“Wet and muddy winter conditions increase the risks to the welfare of livestock,” says Kate Littin, Ministry for Primary Industries manager animal welfare.
When Bay of Plenty was hammered by storms in 2017, the local trust was a big help to farming families, the 2018 Rural Recovery Survey has found.
The survey was commissioned by the Rural Support Trust with the Bay of Plenty Regional Council. It looked into farm support after Cyclones Debbie and Cook in April 2017.
“Our team were kept busy during the storms and their aftermath as we supported rural people and their families,” says trust chairperson Miles Mander.
Their efforts included search and rescue at the height of the storm, visiting homes with the Red Cross to check on affected people, farm cleanups, managing people’s wellbeing and helping rural families get needed resources.
“The most common need was helping people work through what they needed to do. The floods were so severe, there was so much work, it was overwhelming for many,” says Mander.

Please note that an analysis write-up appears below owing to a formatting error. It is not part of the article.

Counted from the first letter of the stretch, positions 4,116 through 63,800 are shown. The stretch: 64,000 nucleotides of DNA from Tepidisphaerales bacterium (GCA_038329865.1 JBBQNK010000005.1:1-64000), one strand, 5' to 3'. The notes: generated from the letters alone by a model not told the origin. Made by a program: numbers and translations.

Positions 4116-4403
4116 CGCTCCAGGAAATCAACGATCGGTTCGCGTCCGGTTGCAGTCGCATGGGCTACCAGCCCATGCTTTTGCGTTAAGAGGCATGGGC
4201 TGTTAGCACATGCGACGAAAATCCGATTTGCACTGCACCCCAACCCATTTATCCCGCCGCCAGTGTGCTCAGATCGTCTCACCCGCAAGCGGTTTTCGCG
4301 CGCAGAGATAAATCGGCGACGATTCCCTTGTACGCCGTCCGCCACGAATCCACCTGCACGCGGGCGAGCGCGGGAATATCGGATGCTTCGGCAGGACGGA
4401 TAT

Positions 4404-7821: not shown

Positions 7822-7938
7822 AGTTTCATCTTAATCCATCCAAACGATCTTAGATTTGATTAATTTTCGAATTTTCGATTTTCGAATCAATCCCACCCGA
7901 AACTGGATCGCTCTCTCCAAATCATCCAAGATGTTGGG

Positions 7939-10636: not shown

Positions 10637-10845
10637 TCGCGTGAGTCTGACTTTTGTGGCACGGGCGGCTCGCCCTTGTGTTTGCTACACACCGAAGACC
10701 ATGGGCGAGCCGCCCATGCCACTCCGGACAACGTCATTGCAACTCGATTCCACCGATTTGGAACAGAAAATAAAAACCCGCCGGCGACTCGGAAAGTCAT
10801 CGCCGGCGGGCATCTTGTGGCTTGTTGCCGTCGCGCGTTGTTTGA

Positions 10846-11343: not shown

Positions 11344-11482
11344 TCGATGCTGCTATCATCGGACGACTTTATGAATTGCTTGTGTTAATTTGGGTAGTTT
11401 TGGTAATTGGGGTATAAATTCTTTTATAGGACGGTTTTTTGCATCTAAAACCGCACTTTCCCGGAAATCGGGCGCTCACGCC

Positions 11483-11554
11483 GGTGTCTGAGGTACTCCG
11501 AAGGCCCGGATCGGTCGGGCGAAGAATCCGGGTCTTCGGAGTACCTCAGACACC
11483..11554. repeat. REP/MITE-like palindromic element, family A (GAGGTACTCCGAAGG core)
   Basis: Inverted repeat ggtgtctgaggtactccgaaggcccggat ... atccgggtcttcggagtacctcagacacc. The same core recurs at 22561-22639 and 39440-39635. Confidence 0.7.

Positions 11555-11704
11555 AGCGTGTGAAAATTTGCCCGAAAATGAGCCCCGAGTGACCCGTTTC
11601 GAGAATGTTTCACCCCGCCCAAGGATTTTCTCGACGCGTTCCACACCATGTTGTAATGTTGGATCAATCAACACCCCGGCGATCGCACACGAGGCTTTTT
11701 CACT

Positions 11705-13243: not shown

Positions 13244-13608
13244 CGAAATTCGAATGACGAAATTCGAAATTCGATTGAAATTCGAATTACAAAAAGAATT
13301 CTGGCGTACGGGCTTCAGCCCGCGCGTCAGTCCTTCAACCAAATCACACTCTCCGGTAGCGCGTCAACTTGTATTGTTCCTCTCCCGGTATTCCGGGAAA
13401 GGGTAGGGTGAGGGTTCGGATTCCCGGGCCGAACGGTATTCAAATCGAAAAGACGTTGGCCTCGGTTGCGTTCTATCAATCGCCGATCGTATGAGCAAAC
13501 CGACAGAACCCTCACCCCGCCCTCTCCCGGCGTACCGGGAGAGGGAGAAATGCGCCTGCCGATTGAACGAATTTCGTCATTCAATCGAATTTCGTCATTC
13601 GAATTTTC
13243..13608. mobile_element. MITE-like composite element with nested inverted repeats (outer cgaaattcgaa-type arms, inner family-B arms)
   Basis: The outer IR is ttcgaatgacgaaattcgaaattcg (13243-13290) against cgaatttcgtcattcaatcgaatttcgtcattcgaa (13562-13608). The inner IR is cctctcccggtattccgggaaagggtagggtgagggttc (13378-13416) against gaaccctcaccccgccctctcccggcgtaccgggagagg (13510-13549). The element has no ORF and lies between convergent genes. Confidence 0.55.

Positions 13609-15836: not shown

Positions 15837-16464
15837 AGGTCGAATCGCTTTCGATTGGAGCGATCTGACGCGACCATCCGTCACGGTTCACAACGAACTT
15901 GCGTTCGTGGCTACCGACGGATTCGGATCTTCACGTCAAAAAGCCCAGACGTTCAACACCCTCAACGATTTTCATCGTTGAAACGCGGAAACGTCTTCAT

“There were the logistics of working around road closures and flood waters, helping people displaced from their homes, then helping them see the massive and lengthy clean up ahead.”
The trust was appreciated most for its face to face support. About 96% of respondents said the support was “very likely” or “somewhat likely” of value and they would seek advice or support from the trust in a similar event.
Survey results were collected from 25 out of 98 people who were either affected by the weather or were part of a supporting agency.